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The Independent Institute
Commentary

Affordability Disaster Wrapped in Blue Ribbon


Oakland’s Blue Ribbon Housing Commission recommendations—released in a 105-page report after months of deliberation—would, if implemented, be a disaster for housing affordability. They ignore the laws of economics, common sense and even the most important findings of the commission’s own consultant.

I was the only economist on the commission. I attended meetings until June, when I moved away from the area. I would have vigorously objected to the commission’s report, had I still been there, because I am convinced that the commission’s recommendations would make Oakland’s housing much less affordable.

The Real Estate Transfer Tax is probably the commission’s most obvious attack on affordability. The commission seeks a new 1.5 percent tax on the initial sale of each new home to raise money for affordable housing development. Given the Commission’s own assumptions about home prices, that amounts to a $7,500-per-home tax!

The commission also recommends an “inclusionary zoning” ordinance requiring builders to provide 5 to 20 percent of their units at below-market rates.

Because builders pay the cost of providing the subsidized units, they must spread those costs over the remaining market-rate units.

How big would Oakland’s inclusionary tax be? The blue ribbon report does not say, but Hausrath Economics Group, the consultant hired by the city, reported its estimate to the Commission, buried in Table D-8 of a “technical appendix.” The answer: between $6,900 and $17,000 per unit, depending on the type of construction during the first two years after the proposal became law. Thereafter, the tax jumps to between $12,400 and $51,700 per unit.

The burden of paying explicit transfer taxes and implicit inclusionary taxes is borne by a combination of market-rate home buyers, land owners and builders. Last May I asked the Hausrath consultants to estimate how much of this tax burden would translate into higher home prices, but they did not have the capabilities to calculate it and the city planning staff was clearly not interested in finding out.

Fortunately, we can predict the general consequences of the taxes without knowing the precise magnitude of its impact.

-To the extent that market rate home buyers bear the burden, housing will directly become less affordable.

-To the extent that home builders bear the tax burden, new construction will be discouraged.

-To the extent that the tax depresses land values, land owners will tend to supply land for non-residential uses, thus lowering the amount of new housing available and driving up prices.

Which types of development will disappear from Oakland if an inclusionary ordinance is enacted? The consultant found that the ordinance would disproportionately discourage low-rise town homes, condominiums and row houses in East and West Oakland—in other words, the most affordable housing.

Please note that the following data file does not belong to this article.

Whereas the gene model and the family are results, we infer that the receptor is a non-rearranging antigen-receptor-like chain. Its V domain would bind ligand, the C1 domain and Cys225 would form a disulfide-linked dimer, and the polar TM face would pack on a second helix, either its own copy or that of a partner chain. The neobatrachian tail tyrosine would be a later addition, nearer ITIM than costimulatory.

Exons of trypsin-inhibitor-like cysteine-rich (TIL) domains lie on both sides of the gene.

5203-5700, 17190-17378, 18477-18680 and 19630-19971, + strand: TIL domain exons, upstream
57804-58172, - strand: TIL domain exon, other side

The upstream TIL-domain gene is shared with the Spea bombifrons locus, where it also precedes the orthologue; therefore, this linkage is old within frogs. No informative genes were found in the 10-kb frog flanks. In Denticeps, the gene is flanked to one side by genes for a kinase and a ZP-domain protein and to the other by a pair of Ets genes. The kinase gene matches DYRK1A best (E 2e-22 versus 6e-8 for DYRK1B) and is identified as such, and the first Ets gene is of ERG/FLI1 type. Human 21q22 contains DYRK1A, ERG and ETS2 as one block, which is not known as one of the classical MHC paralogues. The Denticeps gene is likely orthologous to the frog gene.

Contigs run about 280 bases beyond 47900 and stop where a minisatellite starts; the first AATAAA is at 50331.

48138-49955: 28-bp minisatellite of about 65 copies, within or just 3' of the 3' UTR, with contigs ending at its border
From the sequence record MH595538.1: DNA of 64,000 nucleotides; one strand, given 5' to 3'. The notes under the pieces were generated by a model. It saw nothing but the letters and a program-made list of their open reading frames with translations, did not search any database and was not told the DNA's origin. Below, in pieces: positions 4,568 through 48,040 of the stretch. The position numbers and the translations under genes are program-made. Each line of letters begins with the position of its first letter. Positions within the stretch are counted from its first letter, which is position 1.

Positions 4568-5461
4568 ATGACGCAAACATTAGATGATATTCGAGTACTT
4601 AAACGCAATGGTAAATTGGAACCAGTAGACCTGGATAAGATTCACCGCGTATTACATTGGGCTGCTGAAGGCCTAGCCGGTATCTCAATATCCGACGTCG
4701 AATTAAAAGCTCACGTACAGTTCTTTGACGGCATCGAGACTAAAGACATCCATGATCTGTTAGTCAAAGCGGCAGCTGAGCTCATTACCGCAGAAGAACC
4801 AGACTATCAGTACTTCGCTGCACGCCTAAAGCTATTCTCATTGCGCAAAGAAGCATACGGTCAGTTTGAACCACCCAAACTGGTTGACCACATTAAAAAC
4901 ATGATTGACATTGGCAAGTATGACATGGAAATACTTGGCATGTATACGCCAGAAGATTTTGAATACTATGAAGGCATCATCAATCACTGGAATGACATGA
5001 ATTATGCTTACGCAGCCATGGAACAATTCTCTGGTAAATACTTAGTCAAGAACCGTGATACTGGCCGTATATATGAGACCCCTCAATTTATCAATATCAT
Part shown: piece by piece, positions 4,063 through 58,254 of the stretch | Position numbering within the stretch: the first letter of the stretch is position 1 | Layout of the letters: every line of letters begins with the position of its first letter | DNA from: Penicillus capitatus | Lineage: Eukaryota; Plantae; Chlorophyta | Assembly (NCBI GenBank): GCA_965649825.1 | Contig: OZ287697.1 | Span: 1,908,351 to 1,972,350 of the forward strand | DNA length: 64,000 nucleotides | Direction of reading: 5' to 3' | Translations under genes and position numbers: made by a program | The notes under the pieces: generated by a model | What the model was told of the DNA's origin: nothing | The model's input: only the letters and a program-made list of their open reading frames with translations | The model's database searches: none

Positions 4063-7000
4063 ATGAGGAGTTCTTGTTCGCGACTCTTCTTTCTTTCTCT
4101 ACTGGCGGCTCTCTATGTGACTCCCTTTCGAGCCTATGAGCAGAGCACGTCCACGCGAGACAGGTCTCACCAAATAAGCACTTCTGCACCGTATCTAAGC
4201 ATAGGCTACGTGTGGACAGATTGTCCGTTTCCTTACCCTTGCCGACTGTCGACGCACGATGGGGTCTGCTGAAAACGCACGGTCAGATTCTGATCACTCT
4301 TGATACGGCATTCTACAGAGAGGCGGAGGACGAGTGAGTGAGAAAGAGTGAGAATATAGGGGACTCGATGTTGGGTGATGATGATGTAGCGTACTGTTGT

The consultant’s study also showed that during the first two years under the ordinance, low-rise condos probably would not be built and building town homes and row houses would be barely feasible.

After two years, when the ordinance becomes more burdensome, not only would both of these types of development disappear from East and West Oakland, the construction of mid-rise condos downtown would also suffer, according to the consultant’s estimates.

The official blue ribbon report misrepresents all of this when it claims the revisions to the ordinance made by the commission “would make development feasible for all housing prototypes currently feasible in today’s market” (p. 8). That’s simply not what Table 16 in the consultant’s study says. The reality is that the blue ribbon commission’s recommendations would discourage new housing, particularly the affordable homes.

The official report was written by inclusionary zoning zealots on the city planning staff and was never shown to the full blue ribbon commission for approval. Fortunately, if one looks at all the documents, including the consultant’s study, the information is there. The proposed ordinance would be a disaster for home affordability in Oakland and should be rejected.


Benjamin Powell is a Senior Fellow at The Independent Institute, Director of the Free Market Institute at Texas Tech University, and former President of the Association of Private Enterprise Education. Dr. Powell received his Ph.D. in economics from George Mason University. He has been Assistant Professor of Economics at San Jose State University, Associate Professor of Economics at Suffolk University, a Fellow with the Mercatus Center's Global Prosperity Initiative, and a Visiting Research Fellow with the American Institute for Economic Research. He is also the editor of the Independent Institute books, Housing America: Building out of Crisis and Making Poor Nations Rich.